There is an mRNA-based COVID-19 vaccine under development at the World Health Organization-backed vaccine hub in South Africa but it could take about three years before it can even get approval if well-established big pharmaceutical companies do not share their technology and data, says a WHO official on Friday.
The tech transfer hub in South Africa was set up back in June with the aim of giving poorer nations the capability of producing COVID-19 vaccines after big pharmaceuticals such as Pfizer, BioNTech, and Moderna all declined to share technology and expertise upon a WHO request.
The coordinator of the initiative, Martin Friede said if those big pharmaceuticals with approved COVID vaccines or even late-stage clinical data shared their technology and data with the consortium, the vaccine developed in South Africa could be approved under 18 months.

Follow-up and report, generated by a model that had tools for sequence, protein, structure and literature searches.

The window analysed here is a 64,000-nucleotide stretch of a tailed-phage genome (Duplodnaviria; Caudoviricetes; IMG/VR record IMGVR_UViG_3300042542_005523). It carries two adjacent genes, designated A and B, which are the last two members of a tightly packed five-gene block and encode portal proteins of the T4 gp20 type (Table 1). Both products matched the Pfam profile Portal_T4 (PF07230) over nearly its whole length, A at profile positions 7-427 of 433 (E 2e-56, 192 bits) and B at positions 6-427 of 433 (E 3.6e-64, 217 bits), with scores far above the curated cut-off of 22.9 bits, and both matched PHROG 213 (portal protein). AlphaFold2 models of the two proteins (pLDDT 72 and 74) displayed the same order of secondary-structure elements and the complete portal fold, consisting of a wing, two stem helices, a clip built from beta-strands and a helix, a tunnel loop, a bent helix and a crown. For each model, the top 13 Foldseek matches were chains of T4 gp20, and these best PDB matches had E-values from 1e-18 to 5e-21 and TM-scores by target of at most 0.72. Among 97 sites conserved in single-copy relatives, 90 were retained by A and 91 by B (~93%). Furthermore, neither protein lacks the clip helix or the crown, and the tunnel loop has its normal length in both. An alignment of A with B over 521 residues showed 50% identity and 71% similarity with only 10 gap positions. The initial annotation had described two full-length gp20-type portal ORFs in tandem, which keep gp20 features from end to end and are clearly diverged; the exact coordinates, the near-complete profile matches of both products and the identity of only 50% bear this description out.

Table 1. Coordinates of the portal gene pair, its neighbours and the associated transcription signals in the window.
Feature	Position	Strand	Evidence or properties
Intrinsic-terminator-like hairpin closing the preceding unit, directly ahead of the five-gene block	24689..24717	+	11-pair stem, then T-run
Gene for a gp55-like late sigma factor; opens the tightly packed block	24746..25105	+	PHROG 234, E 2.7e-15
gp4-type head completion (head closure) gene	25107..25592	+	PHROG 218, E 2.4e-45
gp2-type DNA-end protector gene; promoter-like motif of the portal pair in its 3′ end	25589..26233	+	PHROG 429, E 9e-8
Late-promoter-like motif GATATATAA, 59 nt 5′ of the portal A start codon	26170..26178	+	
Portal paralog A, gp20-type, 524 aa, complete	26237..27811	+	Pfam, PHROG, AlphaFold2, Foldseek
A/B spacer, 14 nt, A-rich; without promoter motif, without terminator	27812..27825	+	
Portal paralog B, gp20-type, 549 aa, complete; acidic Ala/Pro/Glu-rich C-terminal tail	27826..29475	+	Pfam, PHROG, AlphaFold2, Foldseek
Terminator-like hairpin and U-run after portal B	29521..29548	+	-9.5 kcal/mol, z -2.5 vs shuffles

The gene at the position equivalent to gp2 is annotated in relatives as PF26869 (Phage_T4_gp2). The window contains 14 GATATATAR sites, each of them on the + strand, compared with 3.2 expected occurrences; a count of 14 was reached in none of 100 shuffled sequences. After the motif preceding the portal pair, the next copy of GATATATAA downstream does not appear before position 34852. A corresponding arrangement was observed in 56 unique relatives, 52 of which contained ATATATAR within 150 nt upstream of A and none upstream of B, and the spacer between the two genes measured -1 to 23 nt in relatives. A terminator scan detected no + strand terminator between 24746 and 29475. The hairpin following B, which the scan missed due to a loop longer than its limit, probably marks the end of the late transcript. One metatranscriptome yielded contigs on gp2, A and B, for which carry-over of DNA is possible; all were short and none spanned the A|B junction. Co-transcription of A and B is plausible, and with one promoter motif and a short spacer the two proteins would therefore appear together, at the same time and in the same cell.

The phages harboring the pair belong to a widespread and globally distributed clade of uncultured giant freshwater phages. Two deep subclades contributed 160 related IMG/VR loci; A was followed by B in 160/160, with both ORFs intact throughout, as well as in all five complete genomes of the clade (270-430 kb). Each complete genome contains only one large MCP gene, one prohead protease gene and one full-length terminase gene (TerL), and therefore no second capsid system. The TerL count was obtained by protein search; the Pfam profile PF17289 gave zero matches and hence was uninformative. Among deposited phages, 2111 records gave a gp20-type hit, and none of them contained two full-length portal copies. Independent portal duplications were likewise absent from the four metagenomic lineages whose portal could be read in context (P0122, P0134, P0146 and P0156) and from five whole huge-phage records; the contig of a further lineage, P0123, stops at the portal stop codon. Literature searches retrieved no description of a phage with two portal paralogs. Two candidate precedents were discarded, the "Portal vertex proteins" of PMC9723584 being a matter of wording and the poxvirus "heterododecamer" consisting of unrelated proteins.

“..It could be 12 months if there was a partnership with a company that already has an approved vaccine. Otherwise, it’s more like 24 to 36 months depending on what the approval process is.”
On Thursday, South Africa’s Afrigen Biologics, which was part of WHO’s consortium, said it has used the publicly available sequence of Moderna’s mRNA vaccine to make its own version of the shot.
However, WHO has been trying hard to persuade big pharmaceuticals such as Moderna and Pfizer-BioNTech to help join forces with its African tech transfer hub.
Friede said the vaccine will be going into the first clinical trials in the fourth quarter of this year.
“Now have the challenge of having to scale this up. And this is of course where we’re going to run into some challenges.”